In our new series, There’s A Podcast Episode For That, we dig deep into the podcast archives to find the best answers for some of life’s biggest questions. This week, we share the best podcast episode for anyone who’s wondering if they should freeze their eggs.
Egg freezing has been a pressing issue for many people during the pandemic, both practically and emotionally. Although fertility clinics have since been allowed to stay open, many women’s treatments were paused when we first went into lockdown last year. And thanks to Covid-19 putting a stop to dating and new relationships for an unknown amount of time, there has been a surge in the number of single women freezing their eggs.
Even without there being a pandemic, egg freezing is a difficult decision to make, due to the costs, time and uncertainties involved. So what are the questions you should really ask yourself and sit with for a while before making a decision? What do you need to know about the process? How much does is actually cost?
Luckily, there’s a great podcast for that.
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This is why more women than ever are freezing their eggs
In the Freezing Time podcast series, journalist Sophia Money-Coutts – who is 35, single and currently going through the process of having her eggs frozen – takes listeners on her egg freezing journey. Over the course of 10 episodes, Money-Coutts speaks to experts and other women on their own journey. She also records her own thoughts and feelings while explaining the process. It’s also worth noting that, as the pandemic started halfway through recording, she does reference how lockdown has affected this journey. For anyone who is looking to make that first egg freezing step, the first episode is a must-listen.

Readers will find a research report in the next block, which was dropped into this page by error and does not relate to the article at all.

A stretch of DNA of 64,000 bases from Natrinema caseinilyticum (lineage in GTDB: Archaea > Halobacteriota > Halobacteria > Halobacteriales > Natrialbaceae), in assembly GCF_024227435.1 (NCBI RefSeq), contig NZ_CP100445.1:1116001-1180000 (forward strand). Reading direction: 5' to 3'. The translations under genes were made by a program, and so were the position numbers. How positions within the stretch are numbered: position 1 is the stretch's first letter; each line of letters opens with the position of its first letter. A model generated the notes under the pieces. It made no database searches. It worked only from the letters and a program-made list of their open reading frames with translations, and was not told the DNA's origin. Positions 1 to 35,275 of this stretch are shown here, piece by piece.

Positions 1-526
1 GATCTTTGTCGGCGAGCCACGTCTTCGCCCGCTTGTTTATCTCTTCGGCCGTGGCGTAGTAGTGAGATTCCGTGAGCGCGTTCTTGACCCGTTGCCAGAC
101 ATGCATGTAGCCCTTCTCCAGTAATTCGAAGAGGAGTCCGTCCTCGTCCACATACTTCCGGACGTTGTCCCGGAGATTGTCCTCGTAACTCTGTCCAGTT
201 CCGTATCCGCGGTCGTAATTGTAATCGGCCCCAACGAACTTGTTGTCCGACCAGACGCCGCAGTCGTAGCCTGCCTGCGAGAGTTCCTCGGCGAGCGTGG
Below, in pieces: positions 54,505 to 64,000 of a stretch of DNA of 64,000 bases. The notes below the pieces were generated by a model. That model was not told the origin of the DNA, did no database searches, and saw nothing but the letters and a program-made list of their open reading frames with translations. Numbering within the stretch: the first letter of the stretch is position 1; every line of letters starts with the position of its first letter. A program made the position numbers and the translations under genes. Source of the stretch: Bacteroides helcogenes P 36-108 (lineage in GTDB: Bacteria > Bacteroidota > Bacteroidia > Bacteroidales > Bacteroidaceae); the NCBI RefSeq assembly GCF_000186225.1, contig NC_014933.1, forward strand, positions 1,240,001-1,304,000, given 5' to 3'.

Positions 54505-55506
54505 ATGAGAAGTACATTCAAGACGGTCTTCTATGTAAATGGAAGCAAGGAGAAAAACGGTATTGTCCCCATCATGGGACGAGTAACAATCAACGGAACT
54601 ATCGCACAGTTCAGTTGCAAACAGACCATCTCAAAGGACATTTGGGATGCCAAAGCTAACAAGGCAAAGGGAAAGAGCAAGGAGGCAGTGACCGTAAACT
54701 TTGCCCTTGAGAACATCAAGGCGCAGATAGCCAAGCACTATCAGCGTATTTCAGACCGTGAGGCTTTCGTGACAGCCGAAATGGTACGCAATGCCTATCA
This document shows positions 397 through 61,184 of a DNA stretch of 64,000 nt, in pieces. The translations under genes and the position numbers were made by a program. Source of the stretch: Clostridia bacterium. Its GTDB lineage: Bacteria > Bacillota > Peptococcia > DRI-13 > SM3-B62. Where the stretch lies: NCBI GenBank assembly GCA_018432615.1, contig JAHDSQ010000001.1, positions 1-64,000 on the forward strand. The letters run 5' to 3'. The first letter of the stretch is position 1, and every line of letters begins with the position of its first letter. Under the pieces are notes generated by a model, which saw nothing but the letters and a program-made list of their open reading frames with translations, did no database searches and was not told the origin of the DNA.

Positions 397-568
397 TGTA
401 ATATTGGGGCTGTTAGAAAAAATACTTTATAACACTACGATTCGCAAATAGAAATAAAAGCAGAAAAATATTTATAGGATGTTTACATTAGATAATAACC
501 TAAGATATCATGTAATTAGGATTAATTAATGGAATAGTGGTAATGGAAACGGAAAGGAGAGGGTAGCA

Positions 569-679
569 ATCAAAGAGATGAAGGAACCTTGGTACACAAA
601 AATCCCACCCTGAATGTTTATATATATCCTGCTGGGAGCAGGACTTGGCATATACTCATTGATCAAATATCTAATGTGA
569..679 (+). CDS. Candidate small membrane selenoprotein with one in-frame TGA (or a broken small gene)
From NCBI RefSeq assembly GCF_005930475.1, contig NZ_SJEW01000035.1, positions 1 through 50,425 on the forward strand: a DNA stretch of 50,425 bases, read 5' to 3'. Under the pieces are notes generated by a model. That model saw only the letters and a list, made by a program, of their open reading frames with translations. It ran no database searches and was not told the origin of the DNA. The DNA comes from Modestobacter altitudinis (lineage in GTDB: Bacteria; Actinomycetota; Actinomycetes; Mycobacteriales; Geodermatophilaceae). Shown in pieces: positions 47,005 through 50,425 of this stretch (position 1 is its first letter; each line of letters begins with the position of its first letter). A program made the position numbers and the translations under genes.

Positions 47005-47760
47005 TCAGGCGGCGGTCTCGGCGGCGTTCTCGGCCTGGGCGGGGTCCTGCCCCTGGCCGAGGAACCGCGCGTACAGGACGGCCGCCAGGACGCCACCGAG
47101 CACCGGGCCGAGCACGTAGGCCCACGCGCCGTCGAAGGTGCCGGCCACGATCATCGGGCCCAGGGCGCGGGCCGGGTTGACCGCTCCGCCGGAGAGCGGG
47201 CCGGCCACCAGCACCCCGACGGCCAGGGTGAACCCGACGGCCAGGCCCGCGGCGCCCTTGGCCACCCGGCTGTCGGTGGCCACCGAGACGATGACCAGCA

The basics of egg freezing, explained
While Money-Coutts makes the point that this podcast isn’t a scientific lesson, she lays out the biological reasons why women sometimes freeze their eggs: “While men can stay fertile for most of their life (classic men), most women’s fertility starts to decline in their 30s.
“It’s actually an area where I think mother nature slightly dropped the ball: while girls are born with between one to two million eggs, by the time we hit puberty that number has fallen to around 300,000. By the age of 30, we’ve lost nearly 90% of our eggs, and by our mid-30s both the number and the quality starts dropping faster.
“The idea behind freezing eggs is that it can prolong a woman’s fertility (i.e. freezing time), meaning if she gets to an age where she can’t get pregnant naturally, she can get those eggs thawed and fertilised by a sperm donor or a partner and have those embryos implanted, hopefully for a baby nine months down the line. The treatment takes around a a month and the process if almost identical to the first stages of IVF.”
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A fertility test is the first step to take, and it’s a big one
“It took a while to get my head around even taking a fertility test,” Money-Coutts admits to her producer Hannah. “I think it’s quite a scary thing to undergo for a lot of women. What if you get terrible results and it tells you that you’ve got no eggs and no hope? I think that’s relatively common. I think it can really freak out women. But even if you get bad results, it doesn’t mean that you can’t have a baby.”